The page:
May 29, 2013
The Honorable Jeremiah W. (Jay) Nixon
Governor of Missouri
P.O. Box 720
Jefferson City, MO 65102
RE: House Bill 650
Dear Governor Nixon,
As Missouri’s premier business trade association, we strongly urge you to sign House Bill 650.
The bill would resolve long-standing issues concerning the procedure by which permit fees are adjusted. This bill creates a process whereby the Hazardous Waste, Air Conservation and Clean Water Commissions set fees based upon stakeholder agreement and a two-thirds majority commission vote. This statutory scheme for setting permit fees has a ten year sunset at which time lawmakers may reassess whether this new process has been successful. We believe allowing stakeholders a voice in permit fees is important.
The bill streamlines the water permitting process by combining the construction and operating permit review processes. Industrial facilities are required to obtain an operating permit, but must design all construction activities in accordance with the Missouri Department of Natural Resources (MDNR) design guides, design the project in accordance with a professional engineer’s designs and plans, and allow the department to conduct a post-construction site inspection to ensure the facility was constructed properly. This process will not only protect the environment but also streamline the process which reduces costs and the expense of permitting for both the private sector and MDNR.
The bill would cap punitive damage awards against legacy mining operations at $2.5 million. The current legal environment allows unlimited punitive damage awards in those cases filed in the City of St. Louis before the effective date of the tort reform measure passed in 2005. These unlimited punitive damages threaten the security of 1,600 Missourians employed directly by the Doe Run Company and many others that are employed by Doe Run’s suppliers. As you know, the purpose of punitive damages is to ensure a company ceases a particular practice. In these cases, Doe Run is a successor to other companies that have already ceased operations and the exemption contained in this bill is only for a company that is making a good faith effort to clean up these sites where mining ended 40 years ago. Also, if these punitive damages are left unlimited, the economic viability of the Doe Run Company may be in jeopardy, along with the economic security of their employees and suppliers and the vast remediation work the Company performs. It is in the public’s best interest for Doe Run to continue their significant contribution to remediation efforts and driving them out of business is simply not the best solution for Missouri.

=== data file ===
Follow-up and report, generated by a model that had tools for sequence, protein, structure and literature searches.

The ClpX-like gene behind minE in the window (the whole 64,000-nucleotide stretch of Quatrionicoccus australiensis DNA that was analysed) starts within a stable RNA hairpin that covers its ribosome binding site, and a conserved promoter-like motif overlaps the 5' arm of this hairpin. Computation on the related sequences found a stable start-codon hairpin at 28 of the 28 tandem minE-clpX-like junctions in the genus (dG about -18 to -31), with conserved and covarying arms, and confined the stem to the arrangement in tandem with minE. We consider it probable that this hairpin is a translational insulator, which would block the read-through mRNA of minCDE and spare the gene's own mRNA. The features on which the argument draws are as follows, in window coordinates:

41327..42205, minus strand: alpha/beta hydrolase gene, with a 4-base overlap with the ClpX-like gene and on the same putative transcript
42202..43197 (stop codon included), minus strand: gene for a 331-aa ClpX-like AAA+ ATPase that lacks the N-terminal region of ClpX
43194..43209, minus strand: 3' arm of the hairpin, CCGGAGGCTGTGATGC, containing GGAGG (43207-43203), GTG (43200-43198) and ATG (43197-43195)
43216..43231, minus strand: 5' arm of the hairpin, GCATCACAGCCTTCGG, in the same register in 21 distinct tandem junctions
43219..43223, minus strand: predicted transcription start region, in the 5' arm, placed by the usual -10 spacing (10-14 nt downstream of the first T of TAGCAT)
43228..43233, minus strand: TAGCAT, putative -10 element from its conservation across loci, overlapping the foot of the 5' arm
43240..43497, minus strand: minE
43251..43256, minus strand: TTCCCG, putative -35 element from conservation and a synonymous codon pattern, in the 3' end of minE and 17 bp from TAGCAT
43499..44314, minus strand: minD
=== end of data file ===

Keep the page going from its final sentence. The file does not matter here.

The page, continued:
Finally, the bill allows the Missouri Department of Natural Resources to issue temporary variances for water permits during extended periods of drought and extremely high temperatures. This authority is necessary and reasonable when such conditions would otherwise drive a company into non-compliance simply because of such drought and extreme heat conditions.
Please let me know if you have any questions and thank you for your consideration.